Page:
-Dear Friends, Followers, and Peers:

I have been teaching this SmartPhone Photography training Workshop for the last 4 years in both private workshops and institutions like the Miami Ad School (Both Miami and New York) and the Miami Institute of Photography, as well as individual training (tutoring) and Corporate training for companies that need their own teams to create meaningful visual content for their own needs.
The basic premise is that most people still believe the images from iPhones and other smartphones are sub-par, meaning, lower quality than those of a “normal” good camera, but the real reason for this to happen is that the immediate and inexpensive availability of a camera in your pocket -at all times- has pushed every single person into a photographer -or so they believe- BUT the reason for the bad or so-so images is NOT the smartphone’s camera, but the operator, the person taking the pictures, who knows little or nothing about how to take good photos.

A simple example for comparison purposes is the following: If you ever had to undergo surgery, I am sure you never asked your surgeon about the brand of knives and other tools he used to operate on you. You were relying on his/her professional training, reputation and recommendations the surgeon has received for doing great surgeries like the one you needed! The irony here is that most people, contrary to logic, think that the better the camera, the better the images, no matter who is shooting….
You can never imagine how many times people still ask me what camera I use when they see my work, and I tell them the truth: mi images come from several sources, from smartphones to pocket, disposable toy cameras, to film cameras and eventually, DSLR “professional” cameras, PLUS all the lighting experience accumulated through the years and properly directing people for my photos.

Well, it is under this premise that I realized many people need training for the smartphone they are using every day. The workshop, -in person- is a 3-hour training, and I am still testing in terms of how to make it less tiring to people attending online, but in the end, those I have already done, have gone past the 2,5 hours planned schedule, with the participants all excited about their newly acquired skills, so I suggest that you consider keeping one morning, or afternoon set aside to do it, say, for example, 10 am to 1 PM or so.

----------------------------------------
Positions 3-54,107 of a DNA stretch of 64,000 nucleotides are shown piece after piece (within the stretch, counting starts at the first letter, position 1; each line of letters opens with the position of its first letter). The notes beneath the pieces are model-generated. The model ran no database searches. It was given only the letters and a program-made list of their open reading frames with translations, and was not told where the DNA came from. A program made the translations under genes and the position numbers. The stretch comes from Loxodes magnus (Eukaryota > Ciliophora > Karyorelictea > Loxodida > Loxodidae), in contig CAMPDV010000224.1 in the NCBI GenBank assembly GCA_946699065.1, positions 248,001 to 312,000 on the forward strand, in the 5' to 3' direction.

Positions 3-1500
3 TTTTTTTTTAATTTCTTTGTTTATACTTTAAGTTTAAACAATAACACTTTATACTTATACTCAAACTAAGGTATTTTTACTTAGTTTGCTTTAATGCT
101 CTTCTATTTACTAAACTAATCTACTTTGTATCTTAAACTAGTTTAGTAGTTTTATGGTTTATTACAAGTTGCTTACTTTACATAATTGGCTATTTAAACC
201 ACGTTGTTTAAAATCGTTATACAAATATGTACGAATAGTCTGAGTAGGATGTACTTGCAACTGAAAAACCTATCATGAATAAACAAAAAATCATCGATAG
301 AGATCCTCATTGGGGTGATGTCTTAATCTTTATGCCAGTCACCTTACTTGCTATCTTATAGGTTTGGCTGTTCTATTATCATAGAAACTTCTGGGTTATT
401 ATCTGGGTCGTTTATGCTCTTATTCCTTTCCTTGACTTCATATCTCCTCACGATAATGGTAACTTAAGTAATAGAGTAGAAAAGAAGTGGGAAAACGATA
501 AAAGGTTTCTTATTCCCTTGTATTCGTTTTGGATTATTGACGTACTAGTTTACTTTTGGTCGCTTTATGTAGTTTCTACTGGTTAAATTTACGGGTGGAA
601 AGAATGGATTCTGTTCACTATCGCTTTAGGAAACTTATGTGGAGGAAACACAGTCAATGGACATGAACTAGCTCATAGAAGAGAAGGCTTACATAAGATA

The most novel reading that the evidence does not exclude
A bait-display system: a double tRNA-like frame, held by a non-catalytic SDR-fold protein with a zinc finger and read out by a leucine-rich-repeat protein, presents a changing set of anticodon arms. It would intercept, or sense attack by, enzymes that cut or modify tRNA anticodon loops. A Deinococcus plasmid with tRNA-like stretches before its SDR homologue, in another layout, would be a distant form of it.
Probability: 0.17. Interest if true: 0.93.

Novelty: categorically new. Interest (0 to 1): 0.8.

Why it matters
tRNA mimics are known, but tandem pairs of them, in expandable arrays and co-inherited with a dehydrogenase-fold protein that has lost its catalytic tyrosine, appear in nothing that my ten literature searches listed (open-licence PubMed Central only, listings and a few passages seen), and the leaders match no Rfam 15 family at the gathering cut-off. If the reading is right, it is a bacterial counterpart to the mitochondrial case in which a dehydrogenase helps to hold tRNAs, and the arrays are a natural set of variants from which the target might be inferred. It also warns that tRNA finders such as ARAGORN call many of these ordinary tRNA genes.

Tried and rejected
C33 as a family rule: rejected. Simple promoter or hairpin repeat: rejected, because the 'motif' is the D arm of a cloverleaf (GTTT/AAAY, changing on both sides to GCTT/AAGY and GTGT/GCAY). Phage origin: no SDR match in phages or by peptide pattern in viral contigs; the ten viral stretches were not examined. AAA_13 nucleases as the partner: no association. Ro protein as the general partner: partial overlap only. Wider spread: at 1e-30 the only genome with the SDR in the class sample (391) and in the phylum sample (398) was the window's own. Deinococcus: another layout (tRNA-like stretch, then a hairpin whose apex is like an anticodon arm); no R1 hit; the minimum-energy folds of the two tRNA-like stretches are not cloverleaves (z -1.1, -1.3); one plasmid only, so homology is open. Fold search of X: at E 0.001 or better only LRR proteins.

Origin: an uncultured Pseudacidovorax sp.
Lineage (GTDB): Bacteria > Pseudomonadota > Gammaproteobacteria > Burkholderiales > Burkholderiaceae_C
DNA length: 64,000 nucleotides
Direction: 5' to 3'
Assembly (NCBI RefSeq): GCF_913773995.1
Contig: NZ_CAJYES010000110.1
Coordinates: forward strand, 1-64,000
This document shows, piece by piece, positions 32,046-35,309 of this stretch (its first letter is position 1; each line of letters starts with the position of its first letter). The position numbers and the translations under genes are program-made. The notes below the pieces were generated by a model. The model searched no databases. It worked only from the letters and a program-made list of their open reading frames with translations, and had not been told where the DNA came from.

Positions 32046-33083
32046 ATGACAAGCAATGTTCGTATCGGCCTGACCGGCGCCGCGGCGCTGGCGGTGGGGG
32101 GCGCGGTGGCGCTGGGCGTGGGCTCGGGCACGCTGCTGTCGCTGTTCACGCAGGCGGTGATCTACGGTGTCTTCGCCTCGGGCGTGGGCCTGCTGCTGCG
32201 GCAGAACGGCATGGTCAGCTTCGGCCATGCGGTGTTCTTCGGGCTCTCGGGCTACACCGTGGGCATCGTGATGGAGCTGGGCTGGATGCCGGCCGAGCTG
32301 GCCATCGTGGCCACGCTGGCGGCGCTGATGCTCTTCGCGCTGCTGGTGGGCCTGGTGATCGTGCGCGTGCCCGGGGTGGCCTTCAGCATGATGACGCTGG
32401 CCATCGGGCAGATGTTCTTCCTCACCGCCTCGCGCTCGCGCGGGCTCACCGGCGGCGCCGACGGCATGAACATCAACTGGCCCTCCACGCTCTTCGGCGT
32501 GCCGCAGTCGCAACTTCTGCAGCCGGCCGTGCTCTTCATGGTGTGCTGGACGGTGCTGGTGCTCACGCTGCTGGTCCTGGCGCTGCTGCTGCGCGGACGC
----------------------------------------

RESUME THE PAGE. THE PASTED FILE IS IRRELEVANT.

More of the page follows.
The cool thing about this training is that I explain most of the photographic concepts that will eventually help you -big time- the moment you get a bigger camera, so your skills will improve, no matter what tool you are using to take pictures.
We also get into video, now that video will be even more relevant!

I also review principles of composition, lighting, how to use color, textures, lines, patterns, etc, all in addition to explaining a whole bunch of amazing features the Smartphones have that most users don’t even know about.
Last but not least, I will explain, and we practice directly with your own images, how to edit and improve the pictures in your own phone, with all the tools available, for free, to make your images even better, after you took them.
Sometimes, a cool picture was taken in not the best of circumstances and those need adjusting, and this is when people open up their creativity to play with their pics and almost totally forget using those ugly filters provided by apps like Instagram, etc, which is what most people use to “hide" the defects of an image, instead of correcting them before posting. The training includes dozens of example images to showcase the points discussed, and I have found that most, if not all of my participants, leave the training ready to shoot!
I also like to customize the training, depending on what people need, based on what will you use your photos for. Some people go more towards portraits, others need architecture, others need landscape, and of course, all travelers need travel tips!

Just recently, one of the workshop participants had to photograph his client’s products (purses) in their kiosk on a trade show. We did 2 hours of private tutoring, one week after the basic SmartPhone level1training, and he just sent me his new pictures and I was just amazed at the top quality he achieved!
We are setting up more online tutoring now since he knows he can still do better!

So please, send me a brief note about what will you use your images for and I see if there is a need to customize your training. The logistics are simple: We just arrange for the training (and remember, we are all flexible at this point, given the “extra” time at home, so, once we are connected, the magic will begin. I will run a presentation, similar to the one I make in person, and the training flows from there. The standard training lasts for 3 hours. It is intensive yet highly participatory, so each participant will be guided, step by step towards their new level of visual quality.